Officers said they saw a large group of known Latin Kings standing in an alley, so they approached the group. As they neared the group, Rodriguez began walking backward while holding his front waistband, according to a police report. Then, he turned and ran from an officer who previously arrested him for illegal gun possession, the report said.

Two officers allegedly saw him throw a gun into a garbage can as he ran. They recovered the gun and arrested Rodriguez after his pants fell to his knees, causing him to trip and fall into a garage, the police report continued.

Once again, the incident was recorded by CPD body cameras, and Rodriguez told an arresting officer, “Come on man. I have a kid. I just had it for protection,” according to the CPD arrest report.

Prosecutors charged Rodriguez with aggravated unlawful use of a weapon by a person under the age of 21, and Judge Mary Marubio allowed him to go home by posting $300 of his $3,000 bail amount.

Two months after prosecutors approved the felony gun charge, they dropped the case on September 15 in front of Judge Edward Maloney, court records show.

Five days later, around 6:30 p.m. on September 20, cops watching a CPD surveillance camera in Little Village saw Rodriguez manipulating an object in his waistband and walking back and forth between the street and a yard near 27th Street and Drake Avenue, according to prosecutors.

Cops said they saw a bulge in Rodriguez’s pants as they approached him. But Rodriguez allegedly started running away.

Moments before cops caught Rodriguez, they heard a gunshot nearby. They retraced their steps and found a handgun lying in the front yard of a home that had a bullet hole in its mailbox, prosecutors said.

Rodriguez told cops that he wasn’t trying to shoot them, but the gun went off as he tried to get rid of it, according to prosecutors.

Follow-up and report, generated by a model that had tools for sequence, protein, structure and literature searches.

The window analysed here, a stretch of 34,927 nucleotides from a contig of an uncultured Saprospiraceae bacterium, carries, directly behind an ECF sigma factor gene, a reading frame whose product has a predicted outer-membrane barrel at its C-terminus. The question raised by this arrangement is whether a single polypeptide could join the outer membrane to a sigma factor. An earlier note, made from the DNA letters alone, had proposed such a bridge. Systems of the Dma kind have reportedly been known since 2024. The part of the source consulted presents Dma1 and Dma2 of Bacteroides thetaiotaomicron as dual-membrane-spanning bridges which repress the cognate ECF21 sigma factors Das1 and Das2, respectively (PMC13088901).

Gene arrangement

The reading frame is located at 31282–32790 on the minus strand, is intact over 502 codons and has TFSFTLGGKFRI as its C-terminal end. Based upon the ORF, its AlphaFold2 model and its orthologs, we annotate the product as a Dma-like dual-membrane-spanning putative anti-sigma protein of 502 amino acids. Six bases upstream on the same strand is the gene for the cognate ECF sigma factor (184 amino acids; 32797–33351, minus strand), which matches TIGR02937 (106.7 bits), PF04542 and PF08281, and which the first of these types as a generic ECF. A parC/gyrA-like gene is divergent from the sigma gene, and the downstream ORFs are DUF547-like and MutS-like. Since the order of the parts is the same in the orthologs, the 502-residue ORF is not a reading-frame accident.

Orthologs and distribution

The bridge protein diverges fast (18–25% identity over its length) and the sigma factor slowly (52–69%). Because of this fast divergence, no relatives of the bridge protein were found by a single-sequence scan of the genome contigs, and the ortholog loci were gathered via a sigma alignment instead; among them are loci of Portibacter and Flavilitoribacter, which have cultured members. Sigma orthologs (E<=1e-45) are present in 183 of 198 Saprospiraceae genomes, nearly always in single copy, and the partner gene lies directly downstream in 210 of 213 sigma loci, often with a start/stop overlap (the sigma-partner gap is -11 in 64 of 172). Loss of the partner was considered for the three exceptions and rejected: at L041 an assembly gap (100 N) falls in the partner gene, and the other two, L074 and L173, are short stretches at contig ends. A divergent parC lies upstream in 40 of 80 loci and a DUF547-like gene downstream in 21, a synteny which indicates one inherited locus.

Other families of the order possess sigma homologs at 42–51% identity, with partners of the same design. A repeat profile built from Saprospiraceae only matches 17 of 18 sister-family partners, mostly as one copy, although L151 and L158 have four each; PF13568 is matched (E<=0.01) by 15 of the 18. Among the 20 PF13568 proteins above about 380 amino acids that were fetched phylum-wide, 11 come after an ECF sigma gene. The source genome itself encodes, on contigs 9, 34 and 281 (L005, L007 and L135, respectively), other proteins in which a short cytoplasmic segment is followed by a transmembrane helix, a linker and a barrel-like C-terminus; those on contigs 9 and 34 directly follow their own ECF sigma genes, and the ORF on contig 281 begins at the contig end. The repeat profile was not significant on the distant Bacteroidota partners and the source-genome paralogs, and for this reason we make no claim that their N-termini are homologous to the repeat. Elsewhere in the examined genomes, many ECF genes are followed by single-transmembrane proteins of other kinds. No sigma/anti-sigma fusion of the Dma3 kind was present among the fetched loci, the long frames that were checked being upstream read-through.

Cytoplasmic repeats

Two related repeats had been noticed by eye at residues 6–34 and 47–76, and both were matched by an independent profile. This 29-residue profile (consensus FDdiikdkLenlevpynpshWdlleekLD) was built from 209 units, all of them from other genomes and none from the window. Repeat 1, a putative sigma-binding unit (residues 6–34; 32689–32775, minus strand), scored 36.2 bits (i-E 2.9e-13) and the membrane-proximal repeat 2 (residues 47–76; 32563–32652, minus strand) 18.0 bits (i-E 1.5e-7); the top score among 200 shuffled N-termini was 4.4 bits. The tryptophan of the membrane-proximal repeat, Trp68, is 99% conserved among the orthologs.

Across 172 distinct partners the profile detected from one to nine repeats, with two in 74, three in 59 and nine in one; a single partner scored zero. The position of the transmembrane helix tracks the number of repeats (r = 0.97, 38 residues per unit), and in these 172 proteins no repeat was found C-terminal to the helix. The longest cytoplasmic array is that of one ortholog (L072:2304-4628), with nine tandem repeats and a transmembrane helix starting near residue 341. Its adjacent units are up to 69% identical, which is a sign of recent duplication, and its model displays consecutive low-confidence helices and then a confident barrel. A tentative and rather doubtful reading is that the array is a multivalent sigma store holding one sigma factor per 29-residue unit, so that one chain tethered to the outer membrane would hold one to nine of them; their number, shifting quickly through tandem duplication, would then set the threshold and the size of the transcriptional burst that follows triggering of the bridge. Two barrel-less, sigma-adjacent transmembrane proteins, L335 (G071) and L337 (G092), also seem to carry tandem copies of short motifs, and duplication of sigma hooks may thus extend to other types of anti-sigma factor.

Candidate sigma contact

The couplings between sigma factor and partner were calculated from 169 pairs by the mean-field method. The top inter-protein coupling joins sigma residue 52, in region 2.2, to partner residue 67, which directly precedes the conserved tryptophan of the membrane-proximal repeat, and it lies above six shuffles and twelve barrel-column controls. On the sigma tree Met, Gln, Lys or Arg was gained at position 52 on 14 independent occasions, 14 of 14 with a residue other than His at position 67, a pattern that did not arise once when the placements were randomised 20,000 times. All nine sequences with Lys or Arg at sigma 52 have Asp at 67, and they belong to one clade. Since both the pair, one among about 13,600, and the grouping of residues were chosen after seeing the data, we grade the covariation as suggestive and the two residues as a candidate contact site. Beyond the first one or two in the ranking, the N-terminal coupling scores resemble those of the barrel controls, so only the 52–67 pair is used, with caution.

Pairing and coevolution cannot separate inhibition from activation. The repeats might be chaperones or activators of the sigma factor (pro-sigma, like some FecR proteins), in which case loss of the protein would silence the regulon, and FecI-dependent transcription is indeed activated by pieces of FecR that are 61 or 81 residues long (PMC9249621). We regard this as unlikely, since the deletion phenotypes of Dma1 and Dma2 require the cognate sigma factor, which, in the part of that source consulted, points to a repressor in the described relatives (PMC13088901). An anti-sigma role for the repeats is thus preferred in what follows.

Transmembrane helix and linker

They charged him with reckless discharge of a firearm and aggravated unlawful use of a weapon. Judge Charles Beach set bail at $10,000, meaning Rodriguez had to pay $1,000 to get out of jail. Beach also ordered Rodriguez to observe a 7 p.m. to 7 a.m. curfew and to wear an ankle monitor to help enforce the restriction, court records show.

Just eight days later, Judge Edward Maloney, the one who was presiding when prosecutors dropped gun charges against Rodriguez earlier in the month, told Rodriguez he didn’t need to observe the curfew any longer, according to court records.

We’ll keep an eye on this case to see if prosecutors drop charges again. Of course, if they do drop charges, it won’t affect their 86% “approval rate.”

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About CWBChicago 6712 Articles
CWBChicago was created in 2013 by five residents of Wrigleyville and Boystown who had grown disheartened with inaccurate information that was being provided at local Community Policing (CAPS) meetings. Our coverage area has expanded since then to cover Lincoln Park, River North, The Loop, Uptown, and other North Side Areas. But our mission remains unchanged: To provide original public safety reporting with better context and greater detail than mainstream media outlets. Our editorial email address is